‘Covid-19 anxiety syndrome’ may cause employees to struggle with reintegrating back into daily life as workplaces and society begin to open up.
This is according to research carried out by London South Bank University and Kingston University, which found 54% of people strongly endorsed avoiding public transport because of a fear of contracting Covid-19; 49% strongly endorsed avoiding touching things in public spaces; and 38% strongly endorsed avoiding going out into public places.
One in five of the 286 UK-based survey participants scored highly on the researchers’ “Covid-19 anxiety syndrome scale” when the research was carried out in February 2021.
They defined “Covid-19 anxiety syndrome” as consisting of coping mechanisms including constant attention to threat, worry, avoidance and excessive checking. This can keep people locked into a state of continuous anxiety and fear of contracting the virus, they said.
The top 25% of scorers on the scale were younger and had a higher risk status than the rest of the sample, regardless of gender or vaccination status.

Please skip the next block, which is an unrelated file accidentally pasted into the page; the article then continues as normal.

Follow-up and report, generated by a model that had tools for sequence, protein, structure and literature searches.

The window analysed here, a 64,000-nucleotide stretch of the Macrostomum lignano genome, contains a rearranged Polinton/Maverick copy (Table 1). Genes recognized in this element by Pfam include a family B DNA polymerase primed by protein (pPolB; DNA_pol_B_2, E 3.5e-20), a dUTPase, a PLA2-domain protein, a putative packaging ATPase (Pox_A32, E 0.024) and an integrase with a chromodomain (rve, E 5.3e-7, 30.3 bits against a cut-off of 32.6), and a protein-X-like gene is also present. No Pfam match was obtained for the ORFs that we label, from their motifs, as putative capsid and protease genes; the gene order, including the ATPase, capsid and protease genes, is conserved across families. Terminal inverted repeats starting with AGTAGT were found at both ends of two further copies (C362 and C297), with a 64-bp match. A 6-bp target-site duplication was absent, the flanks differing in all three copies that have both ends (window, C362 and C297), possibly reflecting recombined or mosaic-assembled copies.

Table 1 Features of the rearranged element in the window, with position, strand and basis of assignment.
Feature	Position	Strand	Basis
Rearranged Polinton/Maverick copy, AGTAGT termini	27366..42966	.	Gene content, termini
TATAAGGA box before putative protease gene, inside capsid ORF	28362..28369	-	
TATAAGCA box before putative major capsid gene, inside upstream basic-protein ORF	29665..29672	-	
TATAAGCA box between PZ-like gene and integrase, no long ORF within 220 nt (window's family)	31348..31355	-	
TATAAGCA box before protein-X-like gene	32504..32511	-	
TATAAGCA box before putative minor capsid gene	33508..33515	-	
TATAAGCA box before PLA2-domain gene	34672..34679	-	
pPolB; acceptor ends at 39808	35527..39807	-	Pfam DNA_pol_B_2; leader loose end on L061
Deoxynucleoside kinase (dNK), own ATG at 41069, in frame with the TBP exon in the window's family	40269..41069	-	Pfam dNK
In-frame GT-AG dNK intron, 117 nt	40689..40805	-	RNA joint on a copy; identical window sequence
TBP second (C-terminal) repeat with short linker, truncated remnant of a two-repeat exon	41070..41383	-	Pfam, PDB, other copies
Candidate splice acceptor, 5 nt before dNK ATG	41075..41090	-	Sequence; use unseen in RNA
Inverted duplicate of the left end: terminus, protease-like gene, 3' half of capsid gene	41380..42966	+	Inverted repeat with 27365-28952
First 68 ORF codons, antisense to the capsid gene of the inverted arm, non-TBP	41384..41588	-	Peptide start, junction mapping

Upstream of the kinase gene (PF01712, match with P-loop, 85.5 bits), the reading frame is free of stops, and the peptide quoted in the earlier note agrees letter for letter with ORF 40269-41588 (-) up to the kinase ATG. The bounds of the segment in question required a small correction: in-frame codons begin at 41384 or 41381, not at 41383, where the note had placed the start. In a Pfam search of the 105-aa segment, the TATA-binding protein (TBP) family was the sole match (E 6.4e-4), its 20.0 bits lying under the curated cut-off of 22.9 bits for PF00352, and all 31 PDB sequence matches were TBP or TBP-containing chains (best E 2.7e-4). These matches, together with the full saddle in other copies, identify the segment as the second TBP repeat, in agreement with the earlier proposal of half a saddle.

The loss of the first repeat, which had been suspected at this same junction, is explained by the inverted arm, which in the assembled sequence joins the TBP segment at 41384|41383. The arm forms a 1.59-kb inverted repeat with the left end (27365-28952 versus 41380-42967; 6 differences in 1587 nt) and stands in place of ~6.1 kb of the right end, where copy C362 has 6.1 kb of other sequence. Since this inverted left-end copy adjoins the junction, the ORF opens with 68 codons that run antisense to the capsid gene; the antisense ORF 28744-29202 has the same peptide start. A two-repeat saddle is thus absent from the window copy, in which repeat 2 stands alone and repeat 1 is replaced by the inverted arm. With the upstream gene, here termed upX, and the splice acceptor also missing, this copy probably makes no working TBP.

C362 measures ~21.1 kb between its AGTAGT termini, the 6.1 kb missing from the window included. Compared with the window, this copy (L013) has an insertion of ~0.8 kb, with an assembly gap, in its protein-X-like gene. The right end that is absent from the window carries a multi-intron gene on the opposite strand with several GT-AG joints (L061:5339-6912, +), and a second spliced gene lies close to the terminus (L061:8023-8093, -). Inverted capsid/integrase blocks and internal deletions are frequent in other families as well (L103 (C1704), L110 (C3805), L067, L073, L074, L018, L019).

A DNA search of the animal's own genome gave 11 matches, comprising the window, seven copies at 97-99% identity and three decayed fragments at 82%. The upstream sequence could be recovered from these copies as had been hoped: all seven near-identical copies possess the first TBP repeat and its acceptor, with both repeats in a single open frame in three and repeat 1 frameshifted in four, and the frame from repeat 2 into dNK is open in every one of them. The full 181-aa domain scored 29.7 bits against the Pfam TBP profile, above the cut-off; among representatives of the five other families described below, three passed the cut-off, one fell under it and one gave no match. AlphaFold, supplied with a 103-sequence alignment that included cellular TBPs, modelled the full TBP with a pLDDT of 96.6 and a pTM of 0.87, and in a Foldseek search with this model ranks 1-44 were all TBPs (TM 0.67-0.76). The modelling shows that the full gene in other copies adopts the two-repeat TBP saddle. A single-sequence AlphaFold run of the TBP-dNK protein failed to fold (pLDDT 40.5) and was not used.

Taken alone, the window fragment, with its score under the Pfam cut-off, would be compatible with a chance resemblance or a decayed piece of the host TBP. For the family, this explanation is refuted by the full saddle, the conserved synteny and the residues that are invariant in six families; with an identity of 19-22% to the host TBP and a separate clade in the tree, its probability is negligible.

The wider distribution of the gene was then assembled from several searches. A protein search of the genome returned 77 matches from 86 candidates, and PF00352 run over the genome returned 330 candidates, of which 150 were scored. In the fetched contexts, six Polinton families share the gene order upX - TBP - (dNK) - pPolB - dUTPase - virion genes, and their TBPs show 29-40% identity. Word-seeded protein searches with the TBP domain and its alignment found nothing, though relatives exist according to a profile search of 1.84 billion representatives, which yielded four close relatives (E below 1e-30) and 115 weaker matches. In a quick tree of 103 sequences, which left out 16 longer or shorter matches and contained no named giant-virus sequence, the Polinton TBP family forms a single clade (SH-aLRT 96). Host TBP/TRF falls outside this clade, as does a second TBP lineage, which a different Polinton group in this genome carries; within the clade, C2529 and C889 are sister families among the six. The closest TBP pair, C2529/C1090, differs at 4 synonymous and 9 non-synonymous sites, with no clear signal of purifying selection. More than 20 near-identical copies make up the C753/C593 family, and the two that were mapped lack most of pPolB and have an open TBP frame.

Those at high clinical risk scored significantly higher on the scale than the rest of the population.
Professor Marcantonio Spada, professor of addictive behaviours and mental health at LSBU, said: “The Covid-19 anxiety syndrome refers to how we cope with the fear of contracting the virus. Our research highlights that some forms of coping may exacerbate this fear and heighten anxiety.
“We observed that the higher the levels of Covid-19 anxiety syndrome, the more likely it is that those people will be aware of the threat of catching the virus. This group of people also find it harder to disengage from these threats, which may make return to normal daily living harder.
“In view of our findings, we believe it will take time, for some people to return to normal daily life after the pandemic and we will need to support them. Mapping out how we will do this is a priority.”